Unitarian Universalist Congregation of Erie




Fred Beebe, one of our most distinguished members, shares reflections and memories from his fascinating journey... watch

The UUCE adopts a resolution calling for a Moratorium on Death Penalty in Pennsylvania.
read the full resolution ...

Reid McFarlane a past minister of the UUCE is honored as MInister Emeritus during a morning service.
full story...

Robb Hoff, Professor of Psychology, during a recent Sunday service, talks about his study of Gratitude and its importance in our lives.
Video of the service...


Unitarian Universalism

The Unitarian Universalist Congregation of Erie is a diverse community of liberal religious thought that stands on the side of love and is committed to social justice. What distinguishes us from other denominations is that we adhere to no creed, dogma, or doctrine. We believe that spirituality comes from within and is not dictated by outside institutions.

While we are not governed by dogma, what joins us together are our Seven Principles , which we try to abide by in our own individual ways.


These Seven Principles promote:

*The inherent worth and dignity of every person.

*Justice, equity, and compassion in human relations.

*Acceptance of one another and encouragement to spiritual growth in our congregations.

*A free and responsible search for truth and meaning.

*The right of conscience and the use of the democratic process within our congregation and in society at large.

*The goal of world community with peace, liberty, and justice for all.

*Respect for the interdependent web of all existence of which we are a part.

While you may not have heard of us, Unitarianism and Universalism have a rich history.

Unitarianism dates back to the sixteenth century Europe. Universalism came into full flower in late eighteenth century America. The two denominations merged in 1961. Our Erie congregation has been together since 1898. Every Sunday we share in our Bond of Union that dates back to that time. 

We unite ourselves together for the study and practice of morality and religion as interpreted by the growing thought and noblest lives of humanity, believing that we may thereby prove helpful one to another, and promote the cause of truth, righteousness, and love in the world.

Our Children's Bond of Union expresses our essence.

We are Unitarian Universalists. A people of:

Open Minds

Loving Hearts


Welcoming Hands

Our only symbols are the flaming chalice, which represents our faith, and the Mandela, which represents the various religious traditions from which we draw wisdom and spiritual enlightenment.

Our Unitarian Universalist beliefs spring from seven sources:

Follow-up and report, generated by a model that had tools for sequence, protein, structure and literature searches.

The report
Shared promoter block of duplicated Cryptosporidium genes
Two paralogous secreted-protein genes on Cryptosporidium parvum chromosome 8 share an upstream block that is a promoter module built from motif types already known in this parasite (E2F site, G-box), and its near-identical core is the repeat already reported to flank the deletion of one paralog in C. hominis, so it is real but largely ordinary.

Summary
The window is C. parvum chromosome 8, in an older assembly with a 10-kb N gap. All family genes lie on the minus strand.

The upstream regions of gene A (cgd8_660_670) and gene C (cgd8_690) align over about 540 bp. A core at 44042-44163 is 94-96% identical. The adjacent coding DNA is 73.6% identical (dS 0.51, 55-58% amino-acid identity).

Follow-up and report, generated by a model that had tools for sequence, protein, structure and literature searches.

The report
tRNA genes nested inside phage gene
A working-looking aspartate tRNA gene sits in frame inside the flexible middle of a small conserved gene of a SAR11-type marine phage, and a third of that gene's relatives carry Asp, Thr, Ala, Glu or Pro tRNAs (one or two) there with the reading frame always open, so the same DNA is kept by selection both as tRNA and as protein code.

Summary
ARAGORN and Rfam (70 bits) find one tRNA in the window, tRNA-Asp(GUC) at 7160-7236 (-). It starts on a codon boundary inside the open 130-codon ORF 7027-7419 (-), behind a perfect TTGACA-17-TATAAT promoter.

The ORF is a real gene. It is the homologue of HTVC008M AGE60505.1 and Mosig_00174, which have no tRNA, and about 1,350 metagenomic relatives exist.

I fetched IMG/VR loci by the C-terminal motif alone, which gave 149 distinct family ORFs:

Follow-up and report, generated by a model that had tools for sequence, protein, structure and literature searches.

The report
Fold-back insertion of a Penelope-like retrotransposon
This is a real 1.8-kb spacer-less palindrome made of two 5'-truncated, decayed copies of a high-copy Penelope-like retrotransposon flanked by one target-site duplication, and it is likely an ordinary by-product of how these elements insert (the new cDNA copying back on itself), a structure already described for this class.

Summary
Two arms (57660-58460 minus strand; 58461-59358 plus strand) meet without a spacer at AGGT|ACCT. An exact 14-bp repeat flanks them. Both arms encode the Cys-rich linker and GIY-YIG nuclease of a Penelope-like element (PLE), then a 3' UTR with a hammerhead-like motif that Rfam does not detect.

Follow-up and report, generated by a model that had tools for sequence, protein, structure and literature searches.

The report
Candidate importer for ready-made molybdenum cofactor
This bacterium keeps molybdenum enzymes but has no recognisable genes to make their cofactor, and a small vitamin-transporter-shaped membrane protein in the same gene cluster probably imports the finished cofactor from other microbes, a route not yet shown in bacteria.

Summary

*The sense of wonder we all share

*The women and men of long ago and today whose lives remind us to be kind and fair.

*The ethical and spiritual wisdom of the world's religions.

*The Jewish and Christian teachings that tell us to love all others as we love ourselves.

*The use of reason and the discoveries of science.

*The harmony of nature and the sacred circle of life.

*The faithful words and actions that shape our Unitarian and Universalist heritage.

Whether you come from a faith tradition or are non-religious, you can find a home at the Unitarian Universalist Congregation of Erie.

Sermons - All services start at 10:30am



September 28 - The Gap of Escalating Inequality!

For Unitarian Universalists, a living wage is a moral imperative. Our Unitarian Universalist Service Committee, of which many of us are a member, puts it this way: “The current minimum wage is a moral outrage”. We know the gap between equity and inequity is rapidly growing. What can we do to counter economic inequality? Speaker: Rev. Steve Aschmann, Service Assistant: Mary Zuck, Musician: Jackson Froman.

October 5 - Association Sunday----at First UU, Girard!

Please join us for our annual Sunday Service with our closest UU neighbors. The Service will begin at 11 a.m. The First UU Church is located at 107 Myrtle Street (from Main St. turn onto Myrtle St.) in Girard. Rev. Charles Brock will be leading the service and Rev. Steve will be the speaker. If you need a ride please call our Caring Team Leader, Ginny Sabol, at 454-3015. There will be no fellowship meal after the service.


October 12 - Columbus was an Immigrant!

The ebb and flow of humanity across our planet is a continuously endless journey. Indigenous peoples continue to believe that “land” is not be owned but safeguarded for future generations. UUs are devoted to
multiculturalism. With our current resources, how well can we respond to the influx of the many displaced persons and economic and political refugees? It takes courage to “Stand On The Side Of Love!” Musician:
Jackson Froman, Service Assistant: Michele Paich.


October 19 - New Direction for The Upper Room

Guest Speaker: Dr. Chris Taylor. Dr. Chris Taylor’s education and varied life experiences have led to his selection as Director of the Upper Room. He will tell us about his reasons for seeking that position and some of the highlights of his first six months. He will also give us some insights about his goals and hopes for the future of the Upper Room. Musician: Jackson Froman, Service Assistant: Michele Paich.


October 26 - Our Relationship with Death

Speaker: Margo Wolfe. We have many birth stories, many life stories, but our death stories are ones we tend to keep in a drawer, hidden from view. As we mark the end of this Celtic cycle and the slow waning of the sun, we will examine our end-of-life stories and how we can develop a more comfortable relationship with death. Musician: Jackson Froman, Service Assistant: Michele Paich.














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